More than 160 people attended the 2018 Louis Waller Lecture, ‘Looking back: the early days of donor conception in Victoria’, making it VARTA’s largest Louis Waller Lecture to date.
The evening, launched by the Victorian Minister for Health the Hon Jill Hennessy MP by video, and compèred by VARTA Chairperson Kirsten Mander, was particularly special because the keynote speech was delivered by Emeritus Professor Waller himself.
For people seeking to create a family using donor eggs or sperm, it is important to understand the laws governing the process; and in particular, to know that, in Australia, donations can only be made on an altruistic basis – in other words, donors cannot be paid for use of their eggs or sperm.
Following Channel Nine’s 60 Minutes investigation Baby Business, broadcast on Sunday 18 September, it appears that confusion exists about this issue and the way in which the law defines payment.
Elizabeth, a parent of three donor-conceived adults born as a result of donor treatment in the late 1970s and early 1980s at the Royal Women's Hospital in Melbourne, recounts her experience of early donor treatment and having donor-conceived children.
The Victorian Labour Government is committed to giving all donor-conceived people the right to access identifying information about their donors regardless of when they were born.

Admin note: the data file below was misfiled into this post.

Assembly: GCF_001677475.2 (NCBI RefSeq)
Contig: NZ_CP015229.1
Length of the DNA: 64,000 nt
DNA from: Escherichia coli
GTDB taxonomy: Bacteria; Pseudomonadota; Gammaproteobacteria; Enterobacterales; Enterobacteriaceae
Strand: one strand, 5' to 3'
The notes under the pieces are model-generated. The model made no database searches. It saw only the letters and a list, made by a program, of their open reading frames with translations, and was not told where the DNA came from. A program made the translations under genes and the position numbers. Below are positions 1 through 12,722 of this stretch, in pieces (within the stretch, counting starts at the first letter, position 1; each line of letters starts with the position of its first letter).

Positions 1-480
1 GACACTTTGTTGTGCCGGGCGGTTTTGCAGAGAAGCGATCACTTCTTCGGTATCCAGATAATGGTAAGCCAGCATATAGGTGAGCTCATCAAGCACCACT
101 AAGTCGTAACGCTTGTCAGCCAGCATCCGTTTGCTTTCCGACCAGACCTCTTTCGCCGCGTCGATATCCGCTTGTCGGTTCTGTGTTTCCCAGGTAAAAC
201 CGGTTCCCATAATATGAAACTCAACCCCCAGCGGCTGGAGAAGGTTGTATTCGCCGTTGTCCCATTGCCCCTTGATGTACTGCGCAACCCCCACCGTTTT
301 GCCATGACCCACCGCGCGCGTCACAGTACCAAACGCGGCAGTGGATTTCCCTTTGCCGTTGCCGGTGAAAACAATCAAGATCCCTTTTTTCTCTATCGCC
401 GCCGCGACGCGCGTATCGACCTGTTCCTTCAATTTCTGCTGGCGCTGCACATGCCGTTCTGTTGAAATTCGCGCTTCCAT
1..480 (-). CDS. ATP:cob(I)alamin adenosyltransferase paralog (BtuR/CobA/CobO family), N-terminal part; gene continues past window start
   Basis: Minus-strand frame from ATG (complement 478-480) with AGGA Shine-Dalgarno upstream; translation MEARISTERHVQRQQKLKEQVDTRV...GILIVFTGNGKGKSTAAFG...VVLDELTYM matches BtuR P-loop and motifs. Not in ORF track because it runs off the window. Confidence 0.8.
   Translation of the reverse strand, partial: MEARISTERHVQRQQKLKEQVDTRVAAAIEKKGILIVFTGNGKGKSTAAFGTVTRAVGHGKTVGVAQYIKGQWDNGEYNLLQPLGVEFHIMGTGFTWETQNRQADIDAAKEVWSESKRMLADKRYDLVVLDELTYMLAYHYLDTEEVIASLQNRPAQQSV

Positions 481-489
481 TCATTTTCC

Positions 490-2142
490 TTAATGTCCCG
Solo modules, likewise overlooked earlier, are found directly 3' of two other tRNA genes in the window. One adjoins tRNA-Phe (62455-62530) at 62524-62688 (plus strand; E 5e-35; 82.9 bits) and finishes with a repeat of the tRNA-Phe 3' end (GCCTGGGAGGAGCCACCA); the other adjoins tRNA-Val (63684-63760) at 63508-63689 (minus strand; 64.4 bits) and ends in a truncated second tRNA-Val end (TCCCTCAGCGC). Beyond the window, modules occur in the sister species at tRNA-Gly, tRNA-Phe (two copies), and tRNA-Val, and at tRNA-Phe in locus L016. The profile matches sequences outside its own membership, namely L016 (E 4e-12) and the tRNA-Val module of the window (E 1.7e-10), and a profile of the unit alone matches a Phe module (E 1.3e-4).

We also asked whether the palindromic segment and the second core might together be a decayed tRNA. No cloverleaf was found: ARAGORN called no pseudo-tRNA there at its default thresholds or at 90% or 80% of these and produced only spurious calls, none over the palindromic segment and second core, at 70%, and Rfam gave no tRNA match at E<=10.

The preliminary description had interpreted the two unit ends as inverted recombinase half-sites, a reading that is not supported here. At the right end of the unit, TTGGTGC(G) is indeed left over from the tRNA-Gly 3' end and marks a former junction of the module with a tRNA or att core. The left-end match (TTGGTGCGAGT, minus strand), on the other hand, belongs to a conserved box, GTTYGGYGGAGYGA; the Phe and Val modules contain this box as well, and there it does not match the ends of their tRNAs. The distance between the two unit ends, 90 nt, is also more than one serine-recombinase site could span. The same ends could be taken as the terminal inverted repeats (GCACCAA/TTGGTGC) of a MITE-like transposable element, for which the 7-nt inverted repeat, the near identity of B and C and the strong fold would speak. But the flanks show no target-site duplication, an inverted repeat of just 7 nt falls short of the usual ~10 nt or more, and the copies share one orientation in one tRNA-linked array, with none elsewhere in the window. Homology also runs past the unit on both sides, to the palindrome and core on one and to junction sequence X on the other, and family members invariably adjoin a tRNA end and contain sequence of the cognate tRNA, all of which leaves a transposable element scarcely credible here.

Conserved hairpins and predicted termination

Proposed measures are outlined in a discussion paper released 29 June, 2015.
The Victorian donor registers consist of the Central Register and the Voluntary Register. Both registers were managed by the Victorian Registry of Births, Deaths and Marriages. The Registrar provided VARTA with data for the period of 30 June 2016 from the donor registers for monitorin and public education purposes. A statistical snapshot of the numbers of people who have accessed the Central Register and Voluntary Register, as well as some information about their applications is provided for download.
The issue of anonymous sperm donation has been under the spotlight of late in Victoria, partly due to changes in legislation, partly as a result of VARTA’s exhibition, ‘Donor conception: towards openness’, and now because of the ABC documentary ‘Sperm Donors Anonymous’.
Victorian Parliament passes donor information amendments
New legislation giving Victorians conceived through donor sperm donated before 1988 the right to access identifying information about their donors with their donor's consent was passed on August 21, 2014, and took effect 29 June 2015.
The Q&A briefing provides more information on the amendments and their implications.
Objective: To investigate the age at which young adults recalled learning about being assistive reproductive technologies (ART)-conceived and the association with subjective well-being and parental relationship.
Background: The use of ART is increasing. Parents are encouraged to tell children about the way they were conceived when they are young. Little is known about whether age when learning about being ART-conceived influences adult well-being.
VARTA prepares an annual report each year that is tabled in the Victorian Parliament.
Read past reports to find out about the Authority's aims, functions and achievements in previous years.